A symbolic chair is placed next to the tomb of Yasser Arafat in Ramallah, the West Bank.(Abbas Momani/AFP/Getty Images)

Dennis Ross, a top Mideast adviser to President Obama and the man who is seen as most sympathetic to the Israeli government’s point of view, arrives in Jerusalem today to try to re-start peace talks in order to prevent President Mahmoud Abbas from doing what he confirmed yesterday he would do: follow through on the Palestinian Authority’s longtime plans to seek statehood or at least an upgrade of status at the United Nations later this month. As a reminder: binding statehood would require Security Council approval, and the United States would almost certainly veto any such resolution; a status upgrade, by contrast, requires merely a majority in the General Assembly, where passage would be nearly as certain (yesterday, a Palestinian negotiator predicted 140 countries would vote for statehood in the G.A., which has 193 member-states). As another reminder: this move is vehemently opposed by the United States and Israel, who feel that direct Israeli-Palestinian negotiations—which have been stagnant for nearly a year—is the only legitimate path to Palestinian sovereignty; and it’s also opposed by Hamas and Hezbollah (who want all the land) as well as others, including Jordan’s king and some members of the Palestinian diaspora, who argue that achieving statehood without extracting concessions from Israel could lose them the right to further concessions, including on the right-of-return issue.

There are two ways the vote could be avoided. One, which the Obama administration was pushing hard throughout the weekend, would be for the so-called Quartet—the U.S., the European Union, the U.N., and Russia—to present a new proposal to both sides for direct negotiations and have them accept it. However, given that the most recent Quartet meeting, over the summer, concluded without so much as a statement, and given that various parties have rejected language regarding things like Jewish settlements in the West Bank and the Palestinians’ recognition of Israel as a Jewish state … well, don’t bet on this.

The other way, as Laura Rozen reported this weekend, would be for the EU to step in with a milder, alternatively worded resolution. Again, though, it is difficult to see how a resolution could recognize Israel and Palestine without, say, recognizing Israel as the Jewish state and still pass muster with the U.S.—especially since the U.S. values its role as the foremost regional broker, and this would compromise it. Incidentally, President Obama is scheduled to address the General Assembly on September 20—roughly one year after he told that body that he would be coming to them this September with an agreement for an independent Palestine.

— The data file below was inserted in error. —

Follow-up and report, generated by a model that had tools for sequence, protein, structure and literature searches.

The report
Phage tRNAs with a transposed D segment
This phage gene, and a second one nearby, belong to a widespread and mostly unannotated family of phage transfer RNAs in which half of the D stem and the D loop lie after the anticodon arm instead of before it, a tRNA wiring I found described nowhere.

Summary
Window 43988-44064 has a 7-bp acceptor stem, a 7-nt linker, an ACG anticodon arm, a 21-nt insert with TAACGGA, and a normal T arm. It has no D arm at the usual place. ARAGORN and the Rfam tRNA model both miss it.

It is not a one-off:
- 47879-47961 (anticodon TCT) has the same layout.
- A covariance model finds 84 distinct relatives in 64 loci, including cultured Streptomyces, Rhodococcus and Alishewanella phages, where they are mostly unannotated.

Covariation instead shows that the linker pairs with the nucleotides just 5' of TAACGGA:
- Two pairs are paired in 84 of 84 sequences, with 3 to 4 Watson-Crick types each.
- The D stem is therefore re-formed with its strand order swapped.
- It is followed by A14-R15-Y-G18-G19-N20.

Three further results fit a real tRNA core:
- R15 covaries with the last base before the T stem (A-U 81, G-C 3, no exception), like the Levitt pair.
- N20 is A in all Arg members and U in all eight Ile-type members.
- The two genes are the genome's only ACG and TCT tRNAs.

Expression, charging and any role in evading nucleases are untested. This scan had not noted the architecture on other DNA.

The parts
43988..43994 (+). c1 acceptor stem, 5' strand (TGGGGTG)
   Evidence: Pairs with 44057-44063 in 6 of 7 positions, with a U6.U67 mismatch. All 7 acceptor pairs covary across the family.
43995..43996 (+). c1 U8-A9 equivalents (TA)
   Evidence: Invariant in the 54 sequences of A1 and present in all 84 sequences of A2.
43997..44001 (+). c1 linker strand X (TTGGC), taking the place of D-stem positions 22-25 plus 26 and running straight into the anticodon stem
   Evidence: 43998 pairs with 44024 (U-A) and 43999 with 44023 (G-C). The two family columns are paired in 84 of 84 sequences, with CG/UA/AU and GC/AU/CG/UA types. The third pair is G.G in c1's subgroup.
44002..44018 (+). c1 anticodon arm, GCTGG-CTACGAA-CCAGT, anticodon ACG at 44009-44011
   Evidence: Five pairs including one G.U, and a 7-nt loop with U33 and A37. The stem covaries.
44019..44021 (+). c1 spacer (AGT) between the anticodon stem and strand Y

For arguably the right reasons, Abbas is doing the wrong thing. He correctly sees that the peace process as currently constituted is finished (the U.N. resolution would be its death certificate). He knows one of the things he can point to is the state-building in the West Bank, spearheaded by his prime minister, Salam Fayyad. And he knows appealing to the U.N. is the last, biggest move he has. Which is, of course, why he shouldn’t make it: as any good negotiator—or poker player—knows, you don’t make your biggest move until you know you will score your biggest return. A U.N. move would give the Israeli government—admittedly ideologically obstinate, even pigheaded, without any Palestinian help—even less incentive to talk, much less concede anything. Future governments might see little point to negotiating with a state that “already exists”—you can’t trade land for peace, after all, if they already have the land.

Most likely, there will be a Security Council veto and General Assembly passage. And then? The P.A. has proclaimed their protest strategy is peaceful, but rage at, for example, a U.S. veto could certainly transform popular sentiment. And meanwhile, Hamas could see a resolution as an excuse to re-start its civil war with the moderate P.A. that won it control of Gaza several years ago. Israeli settlers’ burning of a mosque in a West Bank village yesterday—in response, of all things, to the Israeli army, which bulldozed an illegal settlement outpost nearby—only underscores the dry wood character of the territories. Settlers are stockpiling defense equipment, and in some cases rules of engagement permit live gunfire. If the real drama this month occurs in the sterile, utopian confines of Turtle Bay, then we’ll be lucky.

Ross, Hale Arrive for Final Push to Start Talks [JPost]
Abbas Affirms Palestinian Bid for U.N. Membership [NYT]
U.S. Is Appealing to Palestinians to Stall U.N. Vote [NYT]
Plan B on Palestine at the U.N.? Europeans Mull Alternative Resolution [Yahoo! The Envoy]
Settlers Set Fire to West Bank Mosque After Israel Demolishes Illegal Structures in Migron [Haaretz]
Earlier: September Dawns, the General Assembly Nears